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KRT introduces video-link

KRT introduces video-link

Cambodia’s war crimes tribunal has adopted amendments to its internal rules ahead of the coming trial of four senior Khmer Rouge leaders whose advanced age and fragile health will add an additional layer of difficulty to the already complex proceedings.

In pre-trial hearings, defendants in the court’s second case have appeared frail and unable to sit in court for long periods of time.

At a hearing last month for former Khmer Rouge head of state Khieu Samphan, social action minister Ieng Thirith and Brother No 2 Nuon Chea, only Khieu Samphan did not leave the proceedings early.

At a plenary session that concluded today, the court moved to address this issue, authorising judges to continue trial proceedings even without the physical presence of the defendants in the courtroom.

“One of the provisions [adopted during the plenary] allows that where due to ill health or other serious concerns, an accused cannot attend the Chamber, the Chamber may continue proceedings in the absence of the Accused with his or her consent,” the court said in a statement today.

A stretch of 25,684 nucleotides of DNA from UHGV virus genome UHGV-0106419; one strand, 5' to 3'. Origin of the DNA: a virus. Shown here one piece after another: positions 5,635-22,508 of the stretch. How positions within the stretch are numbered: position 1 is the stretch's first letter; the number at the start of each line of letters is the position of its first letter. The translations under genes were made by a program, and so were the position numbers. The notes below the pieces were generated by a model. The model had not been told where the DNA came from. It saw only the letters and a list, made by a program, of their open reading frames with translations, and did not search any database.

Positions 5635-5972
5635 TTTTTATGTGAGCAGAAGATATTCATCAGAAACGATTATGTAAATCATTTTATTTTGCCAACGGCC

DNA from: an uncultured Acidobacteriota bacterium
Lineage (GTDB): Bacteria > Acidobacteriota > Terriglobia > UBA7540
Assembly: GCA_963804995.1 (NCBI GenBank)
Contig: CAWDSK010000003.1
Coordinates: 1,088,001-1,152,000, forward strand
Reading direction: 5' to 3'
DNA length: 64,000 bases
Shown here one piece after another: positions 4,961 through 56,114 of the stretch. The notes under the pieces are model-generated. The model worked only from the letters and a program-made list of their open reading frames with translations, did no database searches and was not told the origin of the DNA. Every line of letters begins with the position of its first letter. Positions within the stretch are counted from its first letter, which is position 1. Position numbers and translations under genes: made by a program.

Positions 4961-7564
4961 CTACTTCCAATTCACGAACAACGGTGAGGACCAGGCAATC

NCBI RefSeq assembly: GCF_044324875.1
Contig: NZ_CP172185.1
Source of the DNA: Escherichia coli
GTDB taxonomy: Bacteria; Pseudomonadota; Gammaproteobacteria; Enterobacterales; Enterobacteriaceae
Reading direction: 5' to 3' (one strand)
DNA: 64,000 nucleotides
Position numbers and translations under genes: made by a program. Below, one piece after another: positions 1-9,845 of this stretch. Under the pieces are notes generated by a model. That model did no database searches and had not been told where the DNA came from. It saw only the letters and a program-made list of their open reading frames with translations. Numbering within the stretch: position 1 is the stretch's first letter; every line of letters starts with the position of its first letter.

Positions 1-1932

“Where the absence causes substantial delay to proceedings and the interests of justice so require, [judges may] order the Accused’s participation by audio-visual means.”

In a filing last month, defence lawyers for former Khmer Rouge foreign minister Ieng Sary requested that the court conduct half-day hearings in Case 002 due to their client’s health problems.

The team rejected the possibility of Ieng Sary following the proceedings via audio or visual link, claiming it would deprive him of his full right to participate in his trial and communicate with his lawyers.

Also during this week’s plenary, the court adopted rules allowing judges to separate charges or hearings against the various accused, as well as rules on applications to disqualify Trial Chamber judges.

The four accused in Case 002 face a raft of charges including genocide, crimes against humanity and grave breaches of the Geneva Conventions.

Their trial is expected to begin within the next four months.

 

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